DCAA Will Soon Eliminate Years-Old Audit Backlog
The Defense Contract Audit Agency is on track to eliminate its long-running audit backlog by September, the agency said in its latest annual report to Congress while touting a claimed $3.5 billion in cost savings the DCAA had achieved in fiscal 2017.
Incurred cost audits were the DCAA’s top priority in fiscal 2017, with the average backlog for those audits sitting at 14.3 months at the end of the year, down from 17.6 months at the end of fiscal 2016, the DCAA said in its March 31, 2018, report, which was made public late in the week of May 21.
That continued progress came despite the agency's turning to more-complex audits after having addressed the low-hanging fruit, meaning that the DCAA is on track to entirely eliminate the backlog by the end of fiscal 2018, in September, the agency claimed.
“Our workforce did an outstanding job reducing the backlog,” the DCAA said.
Incurred cost audits — one of several types of audit the DCAA conducts — examine contractors' reimbursement claims for costs already incurred during contract performance, looking for issues such as overpayments and fraud.
The DCAA has long had a backlog for those audits, a wait that had stretched to more than three years on average by fiscal 2012, to the frustration of many defense contractors. That was the year the agency both established dedicated incurred cost audit teams and developed new audit techniques like multiyear auditing and statistical sampling for low-risk audits, in an effort to bring down the backlog.
Since that focus on clearing out incurred cost audits was put in place, the DCAA has gone from a 21,000-audit backlog during fiscal 2011 to a 2,860-audit backlog as of the end of fiscal 2017, according to the report.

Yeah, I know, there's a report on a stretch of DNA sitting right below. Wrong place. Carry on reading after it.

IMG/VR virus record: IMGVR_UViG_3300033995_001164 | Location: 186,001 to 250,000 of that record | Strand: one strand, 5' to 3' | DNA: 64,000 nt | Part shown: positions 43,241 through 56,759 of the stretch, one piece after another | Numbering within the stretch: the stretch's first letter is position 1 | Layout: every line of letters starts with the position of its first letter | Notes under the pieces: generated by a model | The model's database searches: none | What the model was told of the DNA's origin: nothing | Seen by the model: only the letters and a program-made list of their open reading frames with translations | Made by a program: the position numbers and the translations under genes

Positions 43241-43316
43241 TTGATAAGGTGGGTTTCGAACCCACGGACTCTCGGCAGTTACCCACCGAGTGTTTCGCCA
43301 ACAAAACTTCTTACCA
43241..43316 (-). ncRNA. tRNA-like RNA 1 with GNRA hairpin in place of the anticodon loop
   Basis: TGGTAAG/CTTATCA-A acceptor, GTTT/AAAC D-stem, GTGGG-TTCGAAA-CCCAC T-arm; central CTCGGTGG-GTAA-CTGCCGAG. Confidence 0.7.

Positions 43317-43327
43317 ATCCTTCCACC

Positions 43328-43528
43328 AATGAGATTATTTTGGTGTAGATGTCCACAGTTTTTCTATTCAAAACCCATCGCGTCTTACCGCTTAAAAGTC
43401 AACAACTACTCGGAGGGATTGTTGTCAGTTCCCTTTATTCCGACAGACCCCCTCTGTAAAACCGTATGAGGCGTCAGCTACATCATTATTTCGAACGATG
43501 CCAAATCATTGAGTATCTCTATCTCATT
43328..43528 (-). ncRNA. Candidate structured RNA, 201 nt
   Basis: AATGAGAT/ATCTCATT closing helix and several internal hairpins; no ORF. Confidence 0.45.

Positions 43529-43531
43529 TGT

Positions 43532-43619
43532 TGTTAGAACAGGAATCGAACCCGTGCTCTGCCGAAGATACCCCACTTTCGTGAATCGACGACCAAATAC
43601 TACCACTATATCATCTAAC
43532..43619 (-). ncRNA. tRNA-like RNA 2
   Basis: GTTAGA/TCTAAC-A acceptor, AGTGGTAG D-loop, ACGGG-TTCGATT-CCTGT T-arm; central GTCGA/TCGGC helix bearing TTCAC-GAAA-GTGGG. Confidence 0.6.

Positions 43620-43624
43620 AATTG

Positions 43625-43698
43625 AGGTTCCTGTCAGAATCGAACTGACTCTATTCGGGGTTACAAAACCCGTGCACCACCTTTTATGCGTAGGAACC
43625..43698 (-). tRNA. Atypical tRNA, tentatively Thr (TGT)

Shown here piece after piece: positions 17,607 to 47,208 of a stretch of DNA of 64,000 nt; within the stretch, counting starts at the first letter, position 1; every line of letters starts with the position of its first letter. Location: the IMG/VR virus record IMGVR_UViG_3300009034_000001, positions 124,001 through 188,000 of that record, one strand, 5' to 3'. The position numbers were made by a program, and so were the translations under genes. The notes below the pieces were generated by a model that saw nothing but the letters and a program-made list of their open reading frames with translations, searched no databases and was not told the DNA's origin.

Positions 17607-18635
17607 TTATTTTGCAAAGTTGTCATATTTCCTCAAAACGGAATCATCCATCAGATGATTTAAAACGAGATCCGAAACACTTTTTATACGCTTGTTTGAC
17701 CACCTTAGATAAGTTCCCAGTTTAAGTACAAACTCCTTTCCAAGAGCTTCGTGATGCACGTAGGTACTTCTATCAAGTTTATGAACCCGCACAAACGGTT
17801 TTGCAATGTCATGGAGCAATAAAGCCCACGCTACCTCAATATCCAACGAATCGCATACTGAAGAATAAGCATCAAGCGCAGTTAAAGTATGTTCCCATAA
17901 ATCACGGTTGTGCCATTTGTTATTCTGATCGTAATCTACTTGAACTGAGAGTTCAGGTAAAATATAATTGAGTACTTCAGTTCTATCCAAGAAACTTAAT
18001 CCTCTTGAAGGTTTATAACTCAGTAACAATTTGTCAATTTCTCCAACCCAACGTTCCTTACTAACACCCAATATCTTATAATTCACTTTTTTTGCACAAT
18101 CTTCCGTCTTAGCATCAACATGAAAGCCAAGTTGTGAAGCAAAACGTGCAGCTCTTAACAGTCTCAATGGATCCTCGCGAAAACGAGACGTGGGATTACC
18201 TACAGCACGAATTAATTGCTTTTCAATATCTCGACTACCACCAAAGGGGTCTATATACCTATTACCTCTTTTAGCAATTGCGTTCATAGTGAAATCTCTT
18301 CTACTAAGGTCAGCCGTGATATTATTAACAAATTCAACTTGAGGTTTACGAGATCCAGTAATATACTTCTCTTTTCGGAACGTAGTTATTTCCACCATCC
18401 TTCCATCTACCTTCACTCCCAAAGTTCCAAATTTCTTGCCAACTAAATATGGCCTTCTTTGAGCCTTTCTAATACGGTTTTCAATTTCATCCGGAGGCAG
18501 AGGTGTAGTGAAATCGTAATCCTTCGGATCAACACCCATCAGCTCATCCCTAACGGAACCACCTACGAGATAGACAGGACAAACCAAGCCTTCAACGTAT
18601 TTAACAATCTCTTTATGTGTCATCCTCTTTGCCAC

And the agency cleared 6,786 “incurred cost years” in fiscal 2017 — notable given that a single such audit year for a major contractor can include hundreds of contracts, high dollar amounts, and significant complexity, the agency said. Now there are fewer than 3,000 incurred cost years in the backlog, according to the DCAA.
Continued progress in fiscal 2017 was due in part to the finalization of an “organizational realignment” that had placed its staff into either one of seven directorates or into a “field detachment” responsible for auditing classified work during fiscal 2016, the DCAA claimed.
Four of the directorates are focused on the seven “major” defense contractors — Raytheon Co., General Dynamics, BAE Inc., Northrop Grumman Corp., the Boeing Co., Honeywell International Inc. and Lockheed Martin Corp. — with the other three focused on any other contractors in various regions.
“This structure is allowing us to develop contractor-based expertise and innovative audit processes that increase our efficiency across all audit programs,” the agency said.
In the process of bringing down the backlog, DCAA staff examined nearly $281 billion in defense contractor costs in fiscal 2017, issuing 3,581 audit reports in which the agency identified more than $7.1 billion in exceptions, ultimately saving $3.5 billion for the U.S. Department of Defense, the report said.
Of those total savings, a little under $760 million were attributable to incurred cost audits, with the bulk of the savings — close to $2.4 billion — resulting from forward pricing audits, which look at proposed cost structures ahead of time to determine whether a cost proposal is reasonable, according to the DCAA. The remainder came from “special” and “other” audits, which focus on particular elements of a contract and are often time-sensitive, the agency said.